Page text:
Nonprofit arts organizations that filed an IRS Form 990 can be found in 1,204 counties in the U.S. Nationally, the average in those counties is 20.9 arts organizations per 100,000 population, and the median county has 15.3. Also nationally, the total number of nonprofit arts organizations increased from about 75,000 in 1999 to 113,000 in 2010.

It is worth noting, however, that only about 35 percent of these organizations file a Form 990 in any given year. The likely reason for 65 percent not filing is that they are small (organizations with less than $25,000 in total revenues are not required to file Form 990).

All of this data comes from the National Center for Charitable Statistics at the Urban Institute.

Local Arts Index: NEA & State Arts Agency Grants in Your County

Posted by Randy Cohen On May - 4 - 2012
Randy Cohen

Randy Cohen

This post is one in a series highlighting the Local Arts Index (LAI) by Americans for the Arts. The LAI provides a set of measures to help understand the breadth, depth, and character of the cultural life of a community. It provides county-level data about arts participation, funding, fiscal health, competitiveness, and more. Check out your county and compare it to any of the nation’s 3,143 counties at ArtsIndexUSA.org.

Today we release Local Arts Index indicators #4 and #5 (out of 50).

The arts are supported by public funds from municipal, regional, state, and federal governments. A telling measure of the competitiveness of the arts organizations in your county is how well they are competing for public dollars compared to other counties.

Two indicators show arts county funding over multiple years to grantees by (1) the National Endowment for the Arts and (2) your state arts agency.

Total NEA grants per 10,000 population, 2005–2009

This indicator is a measure of National Endowment for the Arts (NEA) grants dollars per capita in the county. It is calculated by summing NEA funding to grantees in each county over the years 2005-2009 and dividing by the 2010 population.

For ease of comparison, it is presented as a figure for every 10,000 residents. The benefit of aggregating over five years is that it avoids single-year spikes and dips, and gives a better sense of how NEA funds serve the county over time rather than at just one moment. Read the rest of this entry »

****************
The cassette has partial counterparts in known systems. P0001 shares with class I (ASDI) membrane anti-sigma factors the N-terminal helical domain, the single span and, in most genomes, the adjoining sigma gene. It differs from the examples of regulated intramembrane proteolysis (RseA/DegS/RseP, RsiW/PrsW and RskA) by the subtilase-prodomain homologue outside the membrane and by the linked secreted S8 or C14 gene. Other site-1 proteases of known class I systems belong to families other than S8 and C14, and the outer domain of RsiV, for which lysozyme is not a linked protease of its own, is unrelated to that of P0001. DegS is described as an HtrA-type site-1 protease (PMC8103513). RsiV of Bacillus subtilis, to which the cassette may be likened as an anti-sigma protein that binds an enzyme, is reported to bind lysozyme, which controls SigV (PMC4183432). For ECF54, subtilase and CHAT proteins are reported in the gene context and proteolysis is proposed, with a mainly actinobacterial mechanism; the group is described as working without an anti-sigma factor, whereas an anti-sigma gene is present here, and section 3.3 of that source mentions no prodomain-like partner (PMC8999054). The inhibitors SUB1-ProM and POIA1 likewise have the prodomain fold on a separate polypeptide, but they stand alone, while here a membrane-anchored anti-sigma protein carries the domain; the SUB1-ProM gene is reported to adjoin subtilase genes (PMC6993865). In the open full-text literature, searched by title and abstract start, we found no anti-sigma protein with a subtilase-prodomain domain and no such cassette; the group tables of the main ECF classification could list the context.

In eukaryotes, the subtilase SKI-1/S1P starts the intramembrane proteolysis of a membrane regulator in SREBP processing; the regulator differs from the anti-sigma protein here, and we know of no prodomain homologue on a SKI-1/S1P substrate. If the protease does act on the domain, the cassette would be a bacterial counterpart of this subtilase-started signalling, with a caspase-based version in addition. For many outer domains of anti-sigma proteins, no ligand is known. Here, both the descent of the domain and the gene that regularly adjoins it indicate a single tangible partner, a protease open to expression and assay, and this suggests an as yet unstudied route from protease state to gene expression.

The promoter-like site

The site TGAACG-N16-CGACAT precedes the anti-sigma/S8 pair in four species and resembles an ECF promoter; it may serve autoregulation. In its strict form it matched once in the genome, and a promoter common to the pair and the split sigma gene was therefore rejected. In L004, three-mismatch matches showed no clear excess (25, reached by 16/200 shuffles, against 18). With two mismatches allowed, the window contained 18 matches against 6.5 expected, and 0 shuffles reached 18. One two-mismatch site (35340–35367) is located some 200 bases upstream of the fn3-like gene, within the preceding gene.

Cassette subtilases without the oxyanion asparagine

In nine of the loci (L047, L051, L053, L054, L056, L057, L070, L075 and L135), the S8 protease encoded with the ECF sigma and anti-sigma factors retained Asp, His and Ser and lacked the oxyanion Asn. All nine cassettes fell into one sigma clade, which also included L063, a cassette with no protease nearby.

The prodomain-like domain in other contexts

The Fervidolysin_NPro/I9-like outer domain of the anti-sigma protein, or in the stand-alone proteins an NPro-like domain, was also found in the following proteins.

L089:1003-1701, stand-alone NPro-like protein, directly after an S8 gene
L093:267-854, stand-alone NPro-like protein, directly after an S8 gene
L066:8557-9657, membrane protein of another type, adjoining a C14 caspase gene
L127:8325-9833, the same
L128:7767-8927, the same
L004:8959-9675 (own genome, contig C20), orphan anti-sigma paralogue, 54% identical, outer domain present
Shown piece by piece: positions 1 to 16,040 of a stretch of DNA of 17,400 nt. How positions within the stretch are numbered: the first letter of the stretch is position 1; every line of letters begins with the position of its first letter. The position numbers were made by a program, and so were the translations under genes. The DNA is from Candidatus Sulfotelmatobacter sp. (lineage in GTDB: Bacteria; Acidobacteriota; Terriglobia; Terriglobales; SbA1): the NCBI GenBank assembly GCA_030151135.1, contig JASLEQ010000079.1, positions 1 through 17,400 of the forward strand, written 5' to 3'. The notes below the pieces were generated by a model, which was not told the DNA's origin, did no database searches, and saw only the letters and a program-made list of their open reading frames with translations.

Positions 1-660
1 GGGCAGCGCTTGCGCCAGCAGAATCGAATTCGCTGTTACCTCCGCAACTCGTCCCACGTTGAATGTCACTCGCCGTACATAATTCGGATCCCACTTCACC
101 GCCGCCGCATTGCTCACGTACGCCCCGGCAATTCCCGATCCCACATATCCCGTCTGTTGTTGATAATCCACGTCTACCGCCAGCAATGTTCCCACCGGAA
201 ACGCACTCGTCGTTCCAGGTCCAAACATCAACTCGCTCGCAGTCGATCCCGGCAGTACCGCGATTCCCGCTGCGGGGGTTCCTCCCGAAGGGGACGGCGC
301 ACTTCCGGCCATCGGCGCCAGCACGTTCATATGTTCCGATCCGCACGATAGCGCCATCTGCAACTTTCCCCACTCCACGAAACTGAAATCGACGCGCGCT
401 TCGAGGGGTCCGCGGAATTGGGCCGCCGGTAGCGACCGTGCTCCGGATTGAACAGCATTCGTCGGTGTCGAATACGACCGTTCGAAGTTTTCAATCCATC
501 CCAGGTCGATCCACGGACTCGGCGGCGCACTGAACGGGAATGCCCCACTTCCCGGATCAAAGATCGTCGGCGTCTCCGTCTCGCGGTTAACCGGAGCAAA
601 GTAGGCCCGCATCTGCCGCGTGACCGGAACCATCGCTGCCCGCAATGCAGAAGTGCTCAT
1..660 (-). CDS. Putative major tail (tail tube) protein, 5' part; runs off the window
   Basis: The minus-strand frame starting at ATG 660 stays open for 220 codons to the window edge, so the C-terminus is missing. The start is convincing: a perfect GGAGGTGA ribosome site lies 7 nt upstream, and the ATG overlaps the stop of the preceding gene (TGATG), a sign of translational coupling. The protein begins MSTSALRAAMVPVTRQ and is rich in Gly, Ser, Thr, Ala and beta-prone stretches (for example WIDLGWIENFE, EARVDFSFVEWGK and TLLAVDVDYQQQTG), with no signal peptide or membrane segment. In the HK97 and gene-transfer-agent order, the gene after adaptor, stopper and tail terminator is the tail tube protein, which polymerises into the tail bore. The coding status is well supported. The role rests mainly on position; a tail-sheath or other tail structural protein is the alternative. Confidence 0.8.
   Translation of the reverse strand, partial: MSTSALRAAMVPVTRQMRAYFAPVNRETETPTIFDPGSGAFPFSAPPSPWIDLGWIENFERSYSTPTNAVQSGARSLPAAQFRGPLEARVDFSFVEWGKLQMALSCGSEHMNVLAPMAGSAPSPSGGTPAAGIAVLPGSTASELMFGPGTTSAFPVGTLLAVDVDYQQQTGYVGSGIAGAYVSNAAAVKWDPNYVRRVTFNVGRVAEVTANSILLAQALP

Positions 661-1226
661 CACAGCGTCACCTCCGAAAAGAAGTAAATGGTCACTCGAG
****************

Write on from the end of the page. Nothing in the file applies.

Arts: The Mother of Invention (from The pARTnership Movement)

Posted by Janet Langsam On May - 3 - 2012

Janet Langsam

Every morning, I turn on the treadmill, tune into the Today Show and run until I bank 150 calories to earn a glass of Chardonnay at the end of the day.

Matt Lauer and the NBC crew are usually just eye candy and background chatter, but [April 25] they hit a nerve talking about college degrees that may be “useless” like “fine arts, drama, philosophy, religious studies,” when it comes to getting a job. Lauer quoted a recent poll that said that one out of two recent college grads are either unemployed or underemployed.

Donny Deutsch, one of the Today panelists said, “I never looked at a (college) major in my life in hiring people.”

And a good thing too since the National Arts Index published by the advocacy organization Americans for the Arts, indicates that interest in the arts as a college major is growing. It says that from 1996–2010 more than 1.5 million degrees were awarded in visual and performing arts, with annual graduations growing steadily from 75,000 to 129,000—an increase of 73 percent.

Could all these college bound kids be wasting their time? Read the rest of this entry »

10 Reasons to Support the Arts in 2012 (from Arts Watch)

Posted by Randy Cohen On April - 11 - 2012

Randy Cohen

Almost one year ago, I posted The Top Ten Reasons to Support the Arts in response to a business leader who wanted to make a compelling case for government and corporate contributions to the arts.

Being a busy guy, he didn’t want a lot to read: “Keep it to one page, please.”

With the arts advocacy season once again upon us…(who am I kidding, it’s always upon us!)…here is my updated list for 2012 which now includes new stats from our Arts & Economic Prosperity IV Study.

10 Reasons to Support the Arts

1. True prosperity. The arts are fundamental to our humanity. They ennoble and inspire us—fostering creativity, goodness, and beauty. They help us express our values, build bridges between cultures, and bring us together regardless of ethnicity, religion, or age. When times are tough, the arts are salve for the ache.